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Though this might appear as a duplicate of Java Web Services , I would like to know Where to start and to continue.In the past, I have invested so much of time to find where to start but I wasn't able to. There are so many jargons and chaos (at least for me!) while reading the pages about web services. There are so many terms - like JAX-RPC, JAX-WS, Axis, Rest, Servlet as WebService, EJB's as Web Service and other terms that I don't know. Can this User group consolidate and give a highlevel overview of Java Web Services which is easy to understand and follow? I appreciate your kindness and thanks for your help.

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up vote 33 down vote accepted

That's indeed a bit a jungle to understand web services. The wikipedia page is decent, but still lacks some elements.

I've flagged this answer as community wiki, so feel free to update it, or correct it. It's only a basis.

A bloated term:

First, the term web service is used to refer to many thing. While many people use it to refer to SOAP-based web service, the term can be used to denote any service provided through a web interface; this is a source of confusion.

Implementation and design style:

  • SOAP-based -- SOAP is still the de-facto standard for web services. SOAP is protocol on top of HTTP that describes the exchange of message and exception. SOAP grew from something simple to something very complicated with all the WS-* standards that have been added later. The most important are: WS-Policy, WS-Security, WS-Addressing, WS-Transaction. Another important spec is MTOM for large message.
  • RESTful -- The term RESTful relates to the fact that the service is stateless and all relevant information is passed as parameter. Also instead of using a protocol like SOAP, plain HTTP verbs are used, e.g. Get, Put, Delete, Update.
  • Stateless -- WS are usually stateless. Business processed sometimes rely on so-called correlation identifiers (with WS-Addressing) that are used to match requests and response together; this is the same idea like storing a session identifier in a cookie because HTTP is stateless.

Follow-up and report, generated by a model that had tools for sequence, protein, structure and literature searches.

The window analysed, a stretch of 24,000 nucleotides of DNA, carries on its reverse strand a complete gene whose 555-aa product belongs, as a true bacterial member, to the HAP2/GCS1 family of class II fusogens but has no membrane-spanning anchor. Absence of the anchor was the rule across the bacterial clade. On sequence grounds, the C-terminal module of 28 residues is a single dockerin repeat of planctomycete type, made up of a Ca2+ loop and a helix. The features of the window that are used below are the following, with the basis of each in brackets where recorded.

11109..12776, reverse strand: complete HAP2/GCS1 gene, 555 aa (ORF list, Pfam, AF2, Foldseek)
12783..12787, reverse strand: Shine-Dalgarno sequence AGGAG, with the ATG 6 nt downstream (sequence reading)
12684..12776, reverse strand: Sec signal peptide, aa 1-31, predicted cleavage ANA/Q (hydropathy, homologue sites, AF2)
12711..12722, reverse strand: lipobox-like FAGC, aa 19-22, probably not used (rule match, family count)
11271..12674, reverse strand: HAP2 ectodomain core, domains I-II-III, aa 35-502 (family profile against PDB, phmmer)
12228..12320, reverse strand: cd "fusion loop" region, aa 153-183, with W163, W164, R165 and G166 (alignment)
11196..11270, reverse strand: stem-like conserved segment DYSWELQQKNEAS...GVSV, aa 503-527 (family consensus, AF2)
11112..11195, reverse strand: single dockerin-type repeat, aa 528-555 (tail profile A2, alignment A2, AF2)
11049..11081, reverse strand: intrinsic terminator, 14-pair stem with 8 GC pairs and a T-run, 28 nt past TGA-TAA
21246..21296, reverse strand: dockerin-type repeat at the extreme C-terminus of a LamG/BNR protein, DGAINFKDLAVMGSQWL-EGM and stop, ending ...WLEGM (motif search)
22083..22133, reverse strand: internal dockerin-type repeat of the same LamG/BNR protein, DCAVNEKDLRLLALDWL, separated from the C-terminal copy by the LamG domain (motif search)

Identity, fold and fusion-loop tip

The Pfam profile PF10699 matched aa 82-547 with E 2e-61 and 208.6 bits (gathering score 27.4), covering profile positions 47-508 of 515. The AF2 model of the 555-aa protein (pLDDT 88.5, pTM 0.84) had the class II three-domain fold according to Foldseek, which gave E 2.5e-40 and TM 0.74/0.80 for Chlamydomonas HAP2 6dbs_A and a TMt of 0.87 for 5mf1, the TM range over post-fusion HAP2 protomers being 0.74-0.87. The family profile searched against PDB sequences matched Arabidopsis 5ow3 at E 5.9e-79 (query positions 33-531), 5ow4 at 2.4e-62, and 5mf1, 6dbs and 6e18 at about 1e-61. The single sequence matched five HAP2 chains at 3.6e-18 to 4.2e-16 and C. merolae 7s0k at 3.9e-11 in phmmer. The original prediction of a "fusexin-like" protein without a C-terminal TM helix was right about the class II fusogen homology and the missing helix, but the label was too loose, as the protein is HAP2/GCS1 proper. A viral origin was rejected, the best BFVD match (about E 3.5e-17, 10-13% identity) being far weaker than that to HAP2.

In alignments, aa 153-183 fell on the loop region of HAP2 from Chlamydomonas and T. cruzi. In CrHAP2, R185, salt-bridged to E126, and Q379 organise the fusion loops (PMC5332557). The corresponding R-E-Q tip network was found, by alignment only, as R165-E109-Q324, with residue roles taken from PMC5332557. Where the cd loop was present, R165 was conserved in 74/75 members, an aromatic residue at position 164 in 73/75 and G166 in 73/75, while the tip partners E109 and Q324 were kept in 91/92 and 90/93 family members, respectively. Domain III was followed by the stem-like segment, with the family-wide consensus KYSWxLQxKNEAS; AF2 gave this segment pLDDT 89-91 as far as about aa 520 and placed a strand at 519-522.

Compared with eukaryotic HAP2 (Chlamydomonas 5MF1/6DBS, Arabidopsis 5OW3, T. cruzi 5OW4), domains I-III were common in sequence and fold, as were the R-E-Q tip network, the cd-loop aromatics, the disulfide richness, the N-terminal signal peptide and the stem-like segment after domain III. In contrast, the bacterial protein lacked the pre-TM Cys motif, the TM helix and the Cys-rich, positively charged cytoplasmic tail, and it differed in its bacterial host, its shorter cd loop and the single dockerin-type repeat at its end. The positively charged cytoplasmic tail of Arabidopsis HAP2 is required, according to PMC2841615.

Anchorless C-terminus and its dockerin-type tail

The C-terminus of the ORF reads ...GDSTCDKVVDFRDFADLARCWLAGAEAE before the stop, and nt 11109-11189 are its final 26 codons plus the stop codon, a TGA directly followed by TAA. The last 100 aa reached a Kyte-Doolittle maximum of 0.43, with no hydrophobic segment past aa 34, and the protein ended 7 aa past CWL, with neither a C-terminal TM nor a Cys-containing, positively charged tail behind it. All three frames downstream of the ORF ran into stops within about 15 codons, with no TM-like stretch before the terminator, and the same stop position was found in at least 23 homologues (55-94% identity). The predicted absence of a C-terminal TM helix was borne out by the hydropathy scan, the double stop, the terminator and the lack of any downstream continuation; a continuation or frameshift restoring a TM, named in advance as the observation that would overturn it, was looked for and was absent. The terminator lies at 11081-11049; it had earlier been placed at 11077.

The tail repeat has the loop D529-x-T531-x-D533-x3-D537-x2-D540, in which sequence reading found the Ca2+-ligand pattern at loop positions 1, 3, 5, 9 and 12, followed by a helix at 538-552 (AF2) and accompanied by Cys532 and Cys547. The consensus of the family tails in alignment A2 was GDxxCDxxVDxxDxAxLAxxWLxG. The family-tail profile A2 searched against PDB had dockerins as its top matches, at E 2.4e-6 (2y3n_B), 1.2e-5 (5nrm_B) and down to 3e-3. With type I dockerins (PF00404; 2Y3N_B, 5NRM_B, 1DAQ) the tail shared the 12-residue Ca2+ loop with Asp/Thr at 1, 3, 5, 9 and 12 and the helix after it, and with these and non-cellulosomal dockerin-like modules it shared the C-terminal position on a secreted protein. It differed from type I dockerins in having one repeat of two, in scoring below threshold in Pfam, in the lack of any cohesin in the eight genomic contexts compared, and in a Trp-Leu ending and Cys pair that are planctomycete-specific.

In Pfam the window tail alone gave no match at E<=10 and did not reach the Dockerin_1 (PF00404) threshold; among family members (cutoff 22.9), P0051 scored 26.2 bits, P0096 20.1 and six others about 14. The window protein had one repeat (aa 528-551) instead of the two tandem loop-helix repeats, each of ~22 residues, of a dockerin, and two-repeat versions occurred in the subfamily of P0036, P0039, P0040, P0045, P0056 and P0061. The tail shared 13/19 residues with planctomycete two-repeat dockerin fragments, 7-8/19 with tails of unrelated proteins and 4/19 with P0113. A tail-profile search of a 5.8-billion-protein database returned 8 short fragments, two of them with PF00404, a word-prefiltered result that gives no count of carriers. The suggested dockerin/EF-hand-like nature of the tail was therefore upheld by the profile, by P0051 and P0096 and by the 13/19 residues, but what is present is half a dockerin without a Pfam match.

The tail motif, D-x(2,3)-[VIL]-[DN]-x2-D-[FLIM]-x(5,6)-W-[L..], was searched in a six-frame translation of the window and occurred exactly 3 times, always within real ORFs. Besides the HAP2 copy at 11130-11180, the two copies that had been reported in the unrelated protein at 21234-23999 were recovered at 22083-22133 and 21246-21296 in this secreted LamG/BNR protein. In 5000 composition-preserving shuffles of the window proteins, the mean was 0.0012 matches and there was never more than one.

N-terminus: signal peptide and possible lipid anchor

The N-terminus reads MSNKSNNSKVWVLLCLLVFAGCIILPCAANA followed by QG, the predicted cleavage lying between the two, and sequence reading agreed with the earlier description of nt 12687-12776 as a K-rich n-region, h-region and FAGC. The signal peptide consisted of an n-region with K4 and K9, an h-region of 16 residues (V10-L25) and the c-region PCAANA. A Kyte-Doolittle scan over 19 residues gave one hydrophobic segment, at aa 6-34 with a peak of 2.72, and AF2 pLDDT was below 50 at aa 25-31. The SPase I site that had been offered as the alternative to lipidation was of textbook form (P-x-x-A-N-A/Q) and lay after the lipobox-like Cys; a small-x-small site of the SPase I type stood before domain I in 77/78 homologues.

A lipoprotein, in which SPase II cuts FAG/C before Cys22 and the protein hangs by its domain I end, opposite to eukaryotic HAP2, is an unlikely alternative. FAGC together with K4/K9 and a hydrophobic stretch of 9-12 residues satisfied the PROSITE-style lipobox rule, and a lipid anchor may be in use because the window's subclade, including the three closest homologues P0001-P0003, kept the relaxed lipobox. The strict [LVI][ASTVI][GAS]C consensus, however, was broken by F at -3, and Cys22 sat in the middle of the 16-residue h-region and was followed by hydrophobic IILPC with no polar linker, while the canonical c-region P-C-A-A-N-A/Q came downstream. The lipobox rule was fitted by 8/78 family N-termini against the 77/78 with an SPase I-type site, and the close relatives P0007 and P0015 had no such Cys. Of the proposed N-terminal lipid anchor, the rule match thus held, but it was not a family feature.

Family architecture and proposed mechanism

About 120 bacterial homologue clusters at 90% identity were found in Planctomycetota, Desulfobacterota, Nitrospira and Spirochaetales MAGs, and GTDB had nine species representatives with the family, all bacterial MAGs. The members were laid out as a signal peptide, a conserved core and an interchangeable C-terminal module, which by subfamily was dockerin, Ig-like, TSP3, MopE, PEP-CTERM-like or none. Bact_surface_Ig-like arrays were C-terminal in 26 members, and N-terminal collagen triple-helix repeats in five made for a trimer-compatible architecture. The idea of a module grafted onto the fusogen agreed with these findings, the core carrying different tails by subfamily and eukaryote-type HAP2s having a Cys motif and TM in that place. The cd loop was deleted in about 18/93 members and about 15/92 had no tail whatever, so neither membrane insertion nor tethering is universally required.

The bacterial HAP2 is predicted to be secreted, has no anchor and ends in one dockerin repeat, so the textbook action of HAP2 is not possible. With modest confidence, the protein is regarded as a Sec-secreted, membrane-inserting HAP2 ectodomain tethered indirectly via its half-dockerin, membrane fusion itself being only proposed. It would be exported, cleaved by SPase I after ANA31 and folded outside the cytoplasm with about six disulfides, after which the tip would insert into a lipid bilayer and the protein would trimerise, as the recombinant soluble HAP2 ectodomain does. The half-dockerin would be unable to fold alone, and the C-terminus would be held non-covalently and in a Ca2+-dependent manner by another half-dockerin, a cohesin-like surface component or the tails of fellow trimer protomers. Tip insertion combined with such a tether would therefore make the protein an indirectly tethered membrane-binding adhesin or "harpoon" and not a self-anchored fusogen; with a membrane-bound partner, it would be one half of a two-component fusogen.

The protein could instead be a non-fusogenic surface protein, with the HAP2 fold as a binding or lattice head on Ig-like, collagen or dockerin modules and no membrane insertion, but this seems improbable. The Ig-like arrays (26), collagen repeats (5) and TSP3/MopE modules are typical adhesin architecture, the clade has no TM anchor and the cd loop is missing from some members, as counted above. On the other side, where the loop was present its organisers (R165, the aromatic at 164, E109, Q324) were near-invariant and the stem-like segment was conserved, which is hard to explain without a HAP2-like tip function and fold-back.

• Stateful -- There are some proposal to have stateful WS, but I don't know much about it.

Implementation and technology stacks:

  • Servlet -- The lowest-level way to implement a WS: you basically parse the request and spit the HTTP response all by yourself.
  • EJB -- Since EJB3, EJB can be exposed as web service very easily. Needs an EJB container, of course.
  • Apache Axis -- Used to be a popular technology stack which is declining now.
  • Apache CXF -- Another popular choice.
  • JBossWS -- Yet another popluar choice.
  • JAX-WS -- The official web service stack from Sun, very good. So far I know, this replaces JAX-RPC which was simply renamed JAX-WS.

Related concepts and jargon:

  • WSDL -- Defines the contract/interface of the web service, in case of SOAP-based WS.
  • Contract-first -- Refers to the fact that that a technology is able to support any WSDL provided upfront. On the contrary to an implementation technology which will generate the WSDL based on the implementation of the web service, in which case the WSDL can not always be customized as necessary
  • Profile -- To simplify this mess, they've introduced profiles which are groups of related specifications/capabilities that need to be supported for interoperability. The main one is WS-I Basic Profile.
  • UDDI and discovery -- It seems like some people thought the web service would be published in a public register so as to be discoverable by potential consumer. I don't think this vision gained much momentum.
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+1 Detailed yet to the point overview. – CoolBeans May 11 '10 at 14:52
+1 Very nice post - something I desperately needed today, conveniently enough. – aperkins May 11 '10 at 19:28
Can someone share the Setup Procedures, with eclipse, axis2, tomcat – Mubashar Ahmad Jun 2 '10 at 7:58
that even confused me more – Ismail Marmoush Oct 12 '11 at 16:10
Note that "JAX-WS" is used to refer to both a standard/API (from JSR 224; it does replace JAX-RPC) and Sun's Reference Implementation of it, which I think was the code from Project Kenai is now called "Project Metro" and ships with GlassFish. Other stacks, like Apache CXF, also implement the JAX-WS standard, which provides some interoperability. (I was going to update the Wiki with this, but I'm not sure I understand the distinction well enough myself to word it correctly.) – Andrew Janke Apr 4 '14 at 19:06

The best explanation I know for "contract first" web services is Spring web service module.

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